Hobbying at Home: The Ultimate Guide to Stamp Collecting

Image by Pexels


Thinking about stamp collecting as a hobby? Be careful; many novice stamp collectors quickly become addicted. That’s because stamp collecting combines art, history, sociology and culture—not to mention it can be a sound financial investment. Stamp collecting can be a solo hobby you do to relax or one you share with a close friend or family member. It’s a hobby you can pass on to a child or a grandchild.


If any of those reasons sound exciting and appealing, then this could be the hobby for you. This ultimate guide will help you understand the basics of stamp collecting and how to get started.


Choose the stamp condition you want to collect.

Now, if you have inherited a stamp collection, consider going with that theme or condition as you learn the ropes. Don’t be afraid; once you’ve gotten the hang of things, you can branch out in a way that is more appealing. If you are starting a collection from scratch, you will likely gather stamps in various conditions:

  • Used Stamps: Usually cheaper and easier to find, these stamps have been used and canceled by the postal service. They will be postmarked and often adhered to envelopes, packages, postcards and other postal materials.
  • Unused Stamps: With no postmarks or other markings, they should have their original gum.
  • Fine-Used Stamps: Lighter postmarks mean the stamp is left with sharp and clear distinction. Some older postmarks (prior to 1920) are more valuable, especially from military camps, railway stations and ships. 
  • Themed: Stamps come in many different themes, often called topological collecting. From birds to horses, World Heritage Sites to politicians, there are nearly a thousand different kinds of themes to collect on—and that number is growing.


Become familiar with these stamp collecting terms.

Like all hobbies, stamp collecting comes with its own lingo. You’ll need to understand these terms, especially as you begin to interact more and more with other collectors. There are dozens of terms and acronyms to learn. Let’s start with the ones most common for beginners:


Catalog Value (CV): The market price for the stamp as listed in an official stamp catalog, often determined by past sales and expert analyses. 


Cancelations: The ink marks that are placed over a stamp when it’s used, often called a postmark. A stamp without a cancelation is known as mint.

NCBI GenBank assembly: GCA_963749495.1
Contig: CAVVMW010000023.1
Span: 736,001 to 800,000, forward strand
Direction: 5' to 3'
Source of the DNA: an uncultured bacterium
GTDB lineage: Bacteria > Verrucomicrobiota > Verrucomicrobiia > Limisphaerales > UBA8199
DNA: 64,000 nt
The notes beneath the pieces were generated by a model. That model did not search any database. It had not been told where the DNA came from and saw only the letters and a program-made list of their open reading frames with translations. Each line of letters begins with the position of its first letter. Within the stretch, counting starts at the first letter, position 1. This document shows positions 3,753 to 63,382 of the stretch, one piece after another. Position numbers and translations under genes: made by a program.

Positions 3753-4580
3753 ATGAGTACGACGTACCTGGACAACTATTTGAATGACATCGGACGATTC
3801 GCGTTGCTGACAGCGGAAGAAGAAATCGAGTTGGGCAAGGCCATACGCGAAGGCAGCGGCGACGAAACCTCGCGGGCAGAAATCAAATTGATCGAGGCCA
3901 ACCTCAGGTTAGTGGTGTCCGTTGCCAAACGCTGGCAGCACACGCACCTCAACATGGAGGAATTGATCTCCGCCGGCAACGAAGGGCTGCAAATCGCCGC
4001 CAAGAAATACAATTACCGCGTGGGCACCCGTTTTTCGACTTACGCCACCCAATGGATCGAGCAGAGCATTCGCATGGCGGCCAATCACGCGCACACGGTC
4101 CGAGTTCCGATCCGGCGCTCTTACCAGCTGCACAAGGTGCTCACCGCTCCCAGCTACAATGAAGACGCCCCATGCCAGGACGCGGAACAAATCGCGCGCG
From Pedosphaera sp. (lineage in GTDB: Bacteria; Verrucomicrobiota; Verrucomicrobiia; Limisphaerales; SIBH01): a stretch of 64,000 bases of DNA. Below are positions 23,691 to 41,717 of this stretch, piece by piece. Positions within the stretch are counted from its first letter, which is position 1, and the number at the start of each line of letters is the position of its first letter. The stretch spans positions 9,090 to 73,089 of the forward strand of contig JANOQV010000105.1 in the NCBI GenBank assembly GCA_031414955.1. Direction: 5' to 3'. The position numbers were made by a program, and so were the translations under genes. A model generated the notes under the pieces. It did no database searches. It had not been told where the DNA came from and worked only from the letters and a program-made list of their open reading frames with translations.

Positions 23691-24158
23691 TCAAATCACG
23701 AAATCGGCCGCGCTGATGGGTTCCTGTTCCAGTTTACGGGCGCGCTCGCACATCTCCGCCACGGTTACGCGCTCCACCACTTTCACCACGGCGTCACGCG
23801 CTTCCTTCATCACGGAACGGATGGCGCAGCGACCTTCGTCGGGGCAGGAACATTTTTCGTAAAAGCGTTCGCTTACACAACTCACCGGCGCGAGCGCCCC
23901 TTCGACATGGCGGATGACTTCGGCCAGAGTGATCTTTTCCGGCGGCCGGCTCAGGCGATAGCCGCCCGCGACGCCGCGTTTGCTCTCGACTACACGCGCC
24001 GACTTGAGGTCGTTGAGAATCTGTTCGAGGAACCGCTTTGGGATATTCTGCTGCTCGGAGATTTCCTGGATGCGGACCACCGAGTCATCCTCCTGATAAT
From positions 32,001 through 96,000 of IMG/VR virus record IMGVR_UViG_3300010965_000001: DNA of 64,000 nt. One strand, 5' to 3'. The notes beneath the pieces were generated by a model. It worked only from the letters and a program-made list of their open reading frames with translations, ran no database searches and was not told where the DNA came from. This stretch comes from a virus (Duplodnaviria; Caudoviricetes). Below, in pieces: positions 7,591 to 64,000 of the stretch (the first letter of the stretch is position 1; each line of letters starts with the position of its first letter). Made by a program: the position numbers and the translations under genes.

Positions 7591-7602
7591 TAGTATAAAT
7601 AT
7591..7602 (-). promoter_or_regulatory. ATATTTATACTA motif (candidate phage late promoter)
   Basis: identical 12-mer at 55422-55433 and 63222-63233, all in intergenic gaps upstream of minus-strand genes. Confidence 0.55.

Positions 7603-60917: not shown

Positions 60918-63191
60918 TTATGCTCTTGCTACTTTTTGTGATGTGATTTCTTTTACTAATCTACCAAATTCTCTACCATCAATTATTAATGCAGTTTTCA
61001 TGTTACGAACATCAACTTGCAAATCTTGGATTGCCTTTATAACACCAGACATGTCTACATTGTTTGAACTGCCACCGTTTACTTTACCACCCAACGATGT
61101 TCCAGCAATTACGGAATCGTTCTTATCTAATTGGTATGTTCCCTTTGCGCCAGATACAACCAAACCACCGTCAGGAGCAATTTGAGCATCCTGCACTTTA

Hinge: A small piece of wax paper or tape used to mount a stamp into an album. Hinged stamps are less valuable than those that have never been hinged (NH). 


Perforations: The circular grooves on the side of a stamp. Most often measured in millimeters, there are different sized perforations— and some are more valuable than others. There are also stamps without any perforations, called imperforated. 


Watermarks: Hidden designs within the paper of the stamp that often cannot be seen without a watermark fluid. Finding watermarks is a lot of fun for collectors who consider themselves to be savvy investigators or enjoy treasure hunts.


Get started with basic stamp collecting equipment.

Stamp collecting is a hobby that can really fit into any budget, so you certainly don’t need to go overboard on equipment, especially in the beginning. However, as you become more and more of a savvy collector, these tools could be helpful:


  • Stamp tongs: Handling stamps with your fingers can cause damage. Use spade-end tongs in the beginning, while you’re becoming used to handling stamps.
  • Color guide: A tool to help tell the difference between stamps similar in appearance, but slightly different in shade (that can influence its catalog value).
  • Magnifying glass: Get a close look at your stamps with a x10 magnification (anything higher and you won’t see the stamp’s design in context).
  • Perforation guide: Measure the number of perforations in a defined space, which may be the only way to tell the difference between two stamps that seem otherwise identical.
  • Watermark detector fluid: Be sure to grab a watermark tray, which will quickly help your fluid make the watermark visible.
  • Stamp albums: A ring binder will be sufficient for budding collections. Wait to invest in more expensive albums when you decide to get more advanced with your collection.
  • Stamp identification book: Reference books that help you to identify each stamp and get more information on their background—like how and when it was printed. Check your local library for guides like Scott, Blackbook and the Stamp Collector’s Bible.


Stamp collecting is a fulfilling hobby, but in reality, it is much, much more than that. It is a way to explore the world and travel through time, all while relaxing and creating a Zen-like experience. Whether you inherited a collection, found them at an antique store or have simply begun collecting them from your mail, stamps offer a window to history, culture and humanity.